Reciprocity and respect win in Lausanne

The agreed parameters of a Joint Comprehensive Plan of Action on Iran’s nuclear program that were reached Thursday between the Islamic Republic and the five permanent members of the United Nations Security Council plus Germany represent a monumental achievement that affirms the power of reason and diplomacy over the ravages of fear and warfare.

The technical details of the complex understanding remain to be completed. For now, though, the lasting significant aspects of this development are about the past and the future: the past being the bold leadership that Iran and the United States have shown in launching and advancing diplomatic negotiations, and the future being about the potential significant regional changes that will follow the implementation of a full agreement.

I will assess in a separate column the potential positive changes in the region that this agreement could trigger. Here I would note enthusiastically the historic lessons to be learned about the power of negotiations over threats. More specifically, this is about the capacity of serious and responsible leaders to advance a diplomatic negotiation by having the courage and confidence to change positions they had long held, but that had become untenable over time. It took serious courage, for example, for the United States and the others with it to finally accept that Iran has the right to enrich uranium for peaceful purposes, under international inspections and safeguards.

The U.S. and Israel in particular had for years fervently opposed allowing Iran to maintain any enrichment facilities that would allow it to produce its own nuclear fuel. Israel stuck to its extremist position, but the U.S. came to terms with the reality that threats, sanctions and repeated talk of war had not slowed down Iran’s uranium enrichment program, but in fact only saw it expand. The tacit U.S. acknowledgment in 2013 that Iran would maintain its enrichment capabilities – because it had already achieved them and these could not be bombed away – opened the door for serious negotiations.

Toning down the constant threats of American military attacks against Iran also helped to open that door. Never mind that Washington continues until this day to use offensive language about Iran that presupposes Tehran’s deception and mendacity in conducting its policies and negotiations, treating Iran like one would a delinquent offender who has to be nursed back into a normal life under strict police supervision. Iran understood that this was primarily for domestic U.S. and Israeli consumption, where racist language against Arabs, Iranians and others in this region is routine.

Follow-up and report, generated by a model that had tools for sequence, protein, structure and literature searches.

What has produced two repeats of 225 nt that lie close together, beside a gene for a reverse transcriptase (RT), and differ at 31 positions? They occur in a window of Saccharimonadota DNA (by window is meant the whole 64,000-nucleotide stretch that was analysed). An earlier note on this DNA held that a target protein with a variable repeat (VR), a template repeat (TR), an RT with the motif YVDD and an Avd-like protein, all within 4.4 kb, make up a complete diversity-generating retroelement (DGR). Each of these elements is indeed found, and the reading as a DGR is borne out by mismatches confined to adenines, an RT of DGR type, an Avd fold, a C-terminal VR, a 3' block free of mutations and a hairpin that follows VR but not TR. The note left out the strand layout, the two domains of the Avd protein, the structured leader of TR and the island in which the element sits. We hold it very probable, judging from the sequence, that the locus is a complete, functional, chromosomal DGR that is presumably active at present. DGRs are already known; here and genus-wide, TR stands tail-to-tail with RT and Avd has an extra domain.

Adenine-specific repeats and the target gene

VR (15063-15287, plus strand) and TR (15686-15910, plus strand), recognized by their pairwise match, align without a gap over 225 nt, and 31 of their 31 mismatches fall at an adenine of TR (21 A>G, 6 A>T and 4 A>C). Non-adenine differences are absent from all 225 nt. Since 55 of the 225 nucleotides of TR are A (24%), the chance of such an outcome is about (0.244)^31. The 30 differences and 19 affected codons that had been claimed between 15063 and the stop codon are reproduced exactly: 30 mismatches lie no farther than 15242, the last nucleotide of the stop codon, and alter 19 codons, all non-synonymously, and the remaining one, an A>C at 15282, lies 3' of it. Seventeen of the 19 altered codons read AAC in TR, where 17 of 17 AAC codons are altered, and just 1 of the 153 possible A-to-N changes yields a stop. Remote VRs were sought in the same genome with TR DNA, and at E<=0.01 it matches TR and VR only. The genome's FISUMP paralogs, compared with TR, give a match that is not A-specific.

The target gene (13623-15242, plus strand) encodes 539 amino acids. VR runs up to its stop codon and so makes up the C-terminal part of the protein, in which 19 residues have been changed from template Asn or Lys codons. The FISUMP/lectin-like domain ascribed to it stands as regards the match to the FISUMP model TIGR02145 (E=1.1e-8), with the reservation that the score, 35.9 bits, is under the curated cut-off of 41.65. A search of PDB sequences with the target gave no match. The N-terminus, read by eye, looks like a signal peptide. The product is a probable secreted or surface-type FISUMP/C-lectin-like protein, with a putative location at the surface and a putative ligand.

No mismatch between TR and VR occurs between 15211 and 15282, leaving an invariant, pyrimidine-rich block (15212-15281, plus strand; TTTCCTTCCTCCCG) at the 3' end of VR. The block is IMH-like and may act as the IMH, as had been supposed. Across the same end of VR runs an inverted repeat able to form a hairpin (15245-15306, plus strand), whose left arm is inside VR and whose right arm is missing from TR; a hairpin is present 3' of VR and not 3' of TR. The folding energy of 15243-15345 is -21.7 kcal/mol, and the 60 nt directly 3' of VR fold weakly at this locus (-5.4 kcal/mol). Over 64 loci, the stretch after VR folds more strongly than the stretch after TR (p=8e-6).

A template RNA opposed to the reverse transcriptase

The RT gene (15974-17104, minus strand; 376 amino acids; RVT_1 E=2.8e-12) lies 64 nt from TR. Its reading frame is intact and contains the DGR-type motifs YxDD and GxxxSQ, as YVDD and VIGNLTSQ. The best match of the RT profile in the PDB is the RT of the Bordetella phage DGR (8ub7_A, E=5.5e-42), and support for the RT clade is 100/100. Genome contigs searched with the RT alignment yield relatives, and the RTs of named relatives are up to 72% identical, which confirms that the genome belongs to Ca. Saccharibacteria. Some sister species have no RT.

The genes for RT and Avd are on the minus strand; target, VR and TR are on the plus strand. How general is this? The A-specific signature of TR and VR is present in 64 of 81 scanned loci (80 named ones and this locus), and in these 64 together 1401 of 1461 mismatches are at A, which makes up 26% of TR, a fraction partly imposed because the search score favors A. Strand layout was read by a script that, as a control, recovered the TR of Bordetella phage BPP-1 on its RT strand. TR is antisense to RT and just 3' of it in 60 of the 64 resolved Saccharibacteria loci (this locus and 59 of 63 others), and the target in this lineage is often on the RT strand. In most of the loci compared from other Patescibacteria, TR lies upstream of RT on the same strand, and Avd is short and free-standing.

Iran largely ignored the offensive tone, in favor of focusing on the substance of the talks that had to allow Tehran two things: to continue its nuclear program, including enriching uranium and conducting research and development work, for verifiably peaceful purposes; and, simultaneously to find a solution lifting the sanctions against Iran. The Americans and their partners eventually acknowledged these two demands.

The Iranians also had to make some significant changes in their positions. These included issues like the length of the agreement, the nature of inspections and monitoring, the pace of sanctions reduction and the magnitude and kinds of nuclear materials production facilities. Iranian leaders mustered significant humility and courage to accept the key demands of the P5+1 states that are supposed to prevent Iran from achieving a speedy breakthrough to producing a nuclear bomb.

Iran made such big concessions for two important reasons, or principles, that others in conflict situations can learn from: reciprocity and respect. When the Americans and their colleagues started dealing with Iran on the basis that concessions would be made by both sides, and that such concessions would happen on the basis of respecting the rights of all parties equally, breakthroughs started to happen.

The obvious agreement that could have been identified a decade ago finally moved ahead toward consummation in the past year, with all negotiators getting their key demands. Israel has been left in the dust to a large extent for now. The human and political sides of reaching an agreement have been much tougher than the technical details. Rarely in modern history have we seen such decisive statesmanship, reflecting a rare combination of realism, honesty, humility, boldness and foresighted leadership. These attributes rarely all gather in the chests of individual human beings, but they have done so here.

We have seen such history-making leadership in several other episodes in the past two generations: When the U.S. and China reconciled; when the South African Apartheid system was transformed into democratic majority rule; when leaders in Northern Ireland ended their conflict and shared power democratically; when Polish leaders and opposition members negotiated a transition away from Communist authoritarianism toward an elected government; and when Mikhail Gorbachev saw the bankruptcy of Soviet authoritarianism and initiated a transition to something better for his people.

The men and women who conducted this diplomacy join a special group of leaders and officials who deserve great thanks and appreciation for reminding us of the immense power of negotiating on the basis of reciprocity and respect.

Rami G. Khouri is published twice weekly by THE DAILY STAR. He can be followed on Twitter @RamiKhouri.

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